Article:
The sound of the flute is generated by blowing a narrow jet of air across a hole (the embouchure hole), in the same way that you can blow across a bottle. By pressing the fingers down on the keys, the effective length of the tube is made longer and the notes get lower. Some flutes are ‘open-holed’ which means that the fingers have to close a hole in the middle of the keys as well as pressing the keys down. An open-holed flute is not essential but most advanced players use one as it allows for certain special extended techniques, especially in modern ‘contemporary’ music.

The instrument is held out to the right of the player, and for younger players a curved head joint can be used to bring the fingers closer to the player’s head. For very young players I recommend the Nuvo flute which is light and robust, but has all the same keys as a metal flute.

The flute is fairly easy to maintain; with regular cleaning and careful handling a beginner flute can suit a student right up to the advanced grades (6 to 8).

Beginner flute students will be supplied with a tutor book and CD by me at a reduced cost.

If you want to learn flute, please see below some of the most asked questions!


Where can I buy a flute?

There are several reputable music shops in the country, and they all have a web presence. I would strongly recommend that you don’t buy an instrument online unless from a reputable shop (contact me directly for further advice). General speaking, if an instrument looks too cheap, it’s for a reason…

What about hiring?

Most music shops operate a hire and buy system, which has the advantage that you may return the instrument after a certain time if you or your child find it’s not the right instrument. I also have a limited supply of instruments for hire in schools for the first year of study only.

How quickly can I become really good at the flute?

There is no short cut to success in learning any instrument; regular practise is the best guarantee of success. As an approximate rule of thumb, most younger students can manage an exam grade every 2 or 3 school terms with practice, but some take longer than others. I will always work at the speed of the student.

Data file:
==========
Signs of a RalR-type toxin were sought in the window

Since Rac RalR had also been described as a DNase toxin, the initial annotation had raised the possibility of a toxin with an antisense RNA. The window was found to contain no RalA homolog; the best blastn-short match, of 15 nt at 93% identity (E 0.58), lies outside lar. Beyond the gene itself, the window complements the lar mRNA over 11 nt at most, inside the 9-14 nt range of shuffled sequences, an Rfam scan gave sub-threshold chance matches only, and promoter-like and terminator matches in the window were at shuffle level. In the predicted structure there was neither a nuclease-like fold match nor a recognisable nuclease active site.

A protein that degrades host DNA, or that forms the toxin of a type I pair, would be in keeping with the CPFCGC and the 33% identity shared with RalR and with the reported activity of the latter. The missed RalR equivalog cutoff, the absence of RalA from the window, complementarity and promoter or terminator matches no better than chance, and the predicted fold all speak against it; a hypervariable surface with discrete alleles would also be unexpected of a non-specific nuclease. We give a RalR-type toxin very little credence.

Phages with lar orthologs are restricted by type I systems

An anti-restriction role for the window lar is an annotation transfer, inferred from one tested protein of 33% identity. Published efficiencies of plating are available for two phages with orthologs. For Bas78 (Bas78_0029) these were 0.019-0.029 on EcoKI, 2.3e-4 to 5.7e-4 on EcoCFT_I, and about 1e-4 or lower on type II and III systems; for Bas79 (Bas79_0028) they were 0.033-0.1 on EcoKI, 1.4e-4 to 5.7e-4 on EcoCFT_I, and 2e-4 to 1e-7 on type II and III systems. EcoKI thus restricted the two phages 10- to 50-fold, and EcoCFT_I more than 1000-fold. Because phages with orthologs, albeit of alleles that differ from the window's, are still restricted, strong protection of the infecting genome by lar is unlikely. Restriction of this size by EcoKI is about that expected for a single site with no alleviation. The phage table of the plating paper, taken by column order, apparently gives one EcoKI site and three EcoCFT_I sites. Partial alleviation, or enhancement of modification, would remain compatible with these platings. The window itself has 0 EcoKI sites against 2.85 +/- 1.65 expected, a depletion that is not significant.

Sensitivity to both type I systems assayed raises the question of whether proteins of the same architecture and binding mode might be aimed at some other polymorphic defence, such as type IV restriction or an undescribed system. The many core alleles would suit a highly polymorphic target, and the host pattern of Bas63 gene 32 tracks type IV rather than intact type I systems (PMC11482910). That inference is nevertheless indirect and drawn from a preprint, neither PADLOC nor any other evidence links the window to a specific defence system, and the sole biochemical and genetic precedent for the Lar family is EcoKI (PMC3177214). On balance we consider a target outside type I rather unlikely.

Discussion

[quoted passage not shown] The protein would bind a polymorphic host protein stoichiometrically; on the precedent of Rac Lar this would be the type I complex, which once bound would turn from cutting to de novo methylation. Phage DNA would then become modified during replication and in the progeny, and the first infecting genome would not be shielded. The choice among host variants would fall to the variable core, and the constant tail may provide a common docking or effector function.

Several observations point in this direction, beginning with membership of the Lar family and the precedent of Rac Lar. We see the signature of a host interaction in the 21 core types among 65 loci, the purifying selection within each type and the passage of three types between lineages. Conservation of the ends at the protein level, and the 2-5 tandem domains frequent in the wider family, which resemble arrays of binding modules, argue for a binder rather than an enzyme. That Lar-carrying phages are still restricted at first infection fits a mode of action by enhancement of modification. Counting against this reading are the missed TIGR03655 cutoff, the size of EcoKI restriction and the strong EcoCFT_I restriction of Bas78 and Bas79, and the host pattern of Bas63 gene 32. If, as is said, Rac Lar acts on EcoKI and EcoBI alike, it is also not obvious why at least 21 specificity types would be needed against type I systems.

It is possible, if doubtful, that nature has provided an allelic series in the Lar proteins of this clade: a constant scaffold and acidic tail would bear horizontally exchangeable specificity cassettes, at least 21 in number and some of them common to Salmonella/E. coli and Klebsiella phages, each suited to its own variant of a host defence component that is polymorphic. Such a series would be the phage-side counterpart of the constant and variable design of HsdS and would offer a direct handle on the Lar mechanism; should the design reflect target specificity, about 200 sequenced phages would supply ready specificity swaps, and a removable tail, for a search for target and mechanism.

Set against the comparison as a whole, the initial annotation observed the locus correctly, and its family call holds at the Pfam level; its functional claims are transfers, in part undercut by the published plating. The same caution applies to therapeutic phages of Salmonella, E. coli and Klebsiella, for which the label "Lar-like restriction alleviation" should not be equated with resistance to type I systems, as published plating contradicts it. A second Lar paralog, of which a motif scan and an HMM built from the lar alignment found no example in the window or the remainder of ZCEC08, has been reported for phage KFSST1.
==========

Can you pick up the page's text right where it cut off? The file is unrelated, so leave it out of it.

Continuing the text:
How easy is the flute compared to other instruments?

All musical instruments are equally easy or hard to learn. The flute is popular because of its apparent similarity to the recorder, but if it is supposed to be easier to play across its range than some other wind instruments, composers will still push it to its limits, so it still requires several years of study and practise to be able to play to a high standard.

What about the piccolo?

The piccolo is the flute’s baby brother – in Italian, piccolo flauto simply means ‘little flute’!

Once a player has reached Grade 3 or above, they may wish to start playing the piccolo as well as the flute. Almost all orchestral flute players carry one, as they are often required to play both flute and piccolo on some pieces.

Are there other flutes too?

There is a whole family of flutes available; the next most common is the alto flute in G which plays a 4th below the standard ‘concert’ or ‘C’ flute. There is also a bass flute, twice the length of the concert flute, and there are lower ones still if your budget matches your enthusiasm!